Conferring gives students the chance to share their stories; and besides creating trusting relationships, conferring allows us to meet them where they are and help them advance in knowledge and skills from there.

On-going regular conferences ensure that every student receives the one-on-one interaction and instruction they deserve. Peter Johnston reminds us that every student has a personal history that affects our ability to help them advance in their literacy skills.

Through conferring we learn the cultural and personal backgrounds that shape our learners, along with the experiences that shaped them in the past as readers. Both are important factors. By asking questions that invite students to recall their learning histories, we initiate future learning.

Conferring also sparks critical thinking, creativity, and curiosity.

No matter the teaching style — be it an English class where the teacher makes the choices about books and writing topics, or a workshop inspired classroom where students choose what they read and write, or even a classroom of another content area — when conferring becomes a norm, students proactively engage in learning, which results in more growth, independence, and mastery of content and concepts.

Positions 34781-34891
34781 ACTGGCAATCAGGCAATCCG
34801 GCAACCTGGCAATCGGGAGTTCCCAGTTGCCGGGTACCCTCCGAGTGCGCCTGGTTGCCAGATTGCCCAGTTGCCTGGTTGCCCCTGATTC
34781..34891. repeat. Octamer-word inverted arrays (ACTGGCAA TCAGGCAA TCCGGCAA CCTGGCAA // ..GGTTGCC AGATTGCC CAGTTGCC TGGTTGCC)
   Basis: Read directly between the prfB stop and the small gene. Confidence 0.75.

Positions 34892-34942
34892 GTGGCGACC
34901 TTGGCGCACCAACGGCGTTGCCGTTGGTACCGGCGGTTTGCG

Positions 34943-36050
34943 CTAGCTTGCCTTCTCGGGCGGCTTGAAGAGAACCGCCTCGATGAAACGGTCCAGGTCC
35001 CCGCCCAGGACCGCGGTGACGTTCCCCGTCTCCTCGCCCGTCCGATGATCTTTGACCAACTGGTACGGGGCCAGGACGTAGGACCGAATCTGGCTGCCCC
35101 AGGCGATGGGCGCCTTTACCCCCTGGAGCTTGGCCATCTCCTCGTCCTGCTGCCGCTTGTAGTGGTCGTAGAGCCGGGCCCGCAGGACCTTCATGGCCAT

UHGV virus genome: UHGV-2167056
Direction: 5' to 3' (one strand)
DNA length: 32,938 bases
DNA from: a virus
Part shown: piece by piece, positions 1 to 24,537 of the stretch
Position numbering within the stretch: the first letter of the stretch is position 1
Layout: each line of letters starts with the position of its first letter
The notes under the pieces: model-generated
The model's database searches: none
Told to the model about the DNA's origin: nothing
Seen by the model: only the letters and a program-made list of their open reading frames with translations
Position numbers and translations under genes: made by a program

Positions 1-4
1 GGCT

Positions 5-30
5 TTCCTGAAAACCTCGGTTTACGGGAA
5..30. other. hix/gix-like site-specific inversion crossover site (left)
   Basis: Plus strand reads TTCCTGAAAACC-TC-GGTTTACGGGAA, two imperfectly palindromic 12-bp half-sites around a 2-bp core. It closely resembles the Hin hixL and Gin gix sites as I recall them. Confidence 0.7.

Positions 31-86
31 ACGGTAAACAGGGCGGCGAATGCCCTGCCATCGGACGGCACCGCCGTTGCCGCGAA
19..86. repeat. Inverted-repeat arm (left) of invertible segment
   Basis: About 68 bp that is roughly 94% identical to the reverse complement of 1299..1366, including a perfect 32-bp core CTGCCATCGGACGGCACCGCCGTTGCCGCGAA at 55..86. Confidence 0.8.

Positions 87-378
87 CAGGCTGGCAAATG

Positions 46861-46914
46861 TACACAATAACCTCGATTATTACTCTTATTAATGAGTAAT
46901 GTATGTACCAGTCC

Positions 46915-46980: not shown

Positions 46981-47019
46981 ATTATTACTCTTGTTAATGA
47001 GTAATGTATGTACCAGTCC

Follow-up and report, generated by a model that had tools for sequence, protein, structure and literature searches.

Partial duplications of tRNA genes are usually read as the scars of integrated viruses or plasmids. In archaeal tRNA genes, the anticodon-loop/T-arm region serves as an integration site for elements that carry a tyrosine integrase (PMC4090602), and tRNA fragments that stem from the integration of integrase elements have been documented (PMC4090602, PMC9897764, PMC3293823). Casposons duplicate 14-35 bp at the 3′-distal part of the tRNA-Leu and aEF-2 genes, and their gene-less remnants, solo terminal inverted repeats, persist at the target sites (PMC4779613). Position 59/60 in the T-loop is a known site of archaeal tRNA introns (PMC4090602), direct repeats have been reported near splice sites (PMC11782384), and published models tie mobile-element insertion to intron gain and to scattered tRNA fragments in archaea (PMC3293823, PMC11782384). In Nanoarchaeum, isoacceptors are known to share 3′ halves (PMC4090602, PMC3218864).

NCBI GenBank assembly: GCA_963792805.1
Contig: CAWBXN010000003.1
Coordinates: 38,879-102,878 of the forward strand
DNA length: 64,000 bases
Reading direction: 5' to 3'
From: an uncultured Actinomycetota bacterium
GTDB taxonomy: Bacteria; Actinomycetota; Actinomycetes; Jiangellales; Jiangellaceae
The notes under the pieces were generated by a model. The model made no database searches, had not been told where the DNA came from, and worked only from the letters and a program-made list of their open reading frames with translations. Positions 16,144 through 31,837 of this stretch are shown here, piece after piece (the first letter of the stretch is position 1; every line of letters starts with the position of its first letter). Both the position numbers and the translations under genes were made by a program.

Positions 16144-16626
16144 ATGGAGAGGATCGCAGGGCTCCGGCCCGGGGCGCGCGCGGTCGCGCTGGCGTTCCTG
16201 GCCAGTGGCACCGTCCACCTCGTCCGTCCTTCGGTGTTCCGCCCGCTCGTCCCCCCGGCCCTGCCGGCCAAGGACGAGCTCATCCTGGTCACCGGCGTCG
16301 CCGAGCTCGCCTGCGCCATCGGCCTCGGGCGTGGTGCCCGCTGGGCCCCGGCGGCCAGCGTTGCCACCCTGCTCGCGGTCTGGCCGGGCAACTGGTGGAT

Our students learn to ask questions, ponder responses, and seek for interesting ways to show they are learning. Differentiation happens naturally.

Imagine the opportunities students may create and the innovative energy they will have in the future if they experience this kind of learning in their secondary schools.

The children in our classrooms are part of the fastest growing force in the workplace and the marketplace. Their influence is changing companies, marketing styles, and consumer habits.

This generation wants to make a difference in the world. They are pragmatic, self-aware, goal-oriented, and self-taught via YouTube. They’ve grown up “dealing with too much vs. too little information their entire lives.”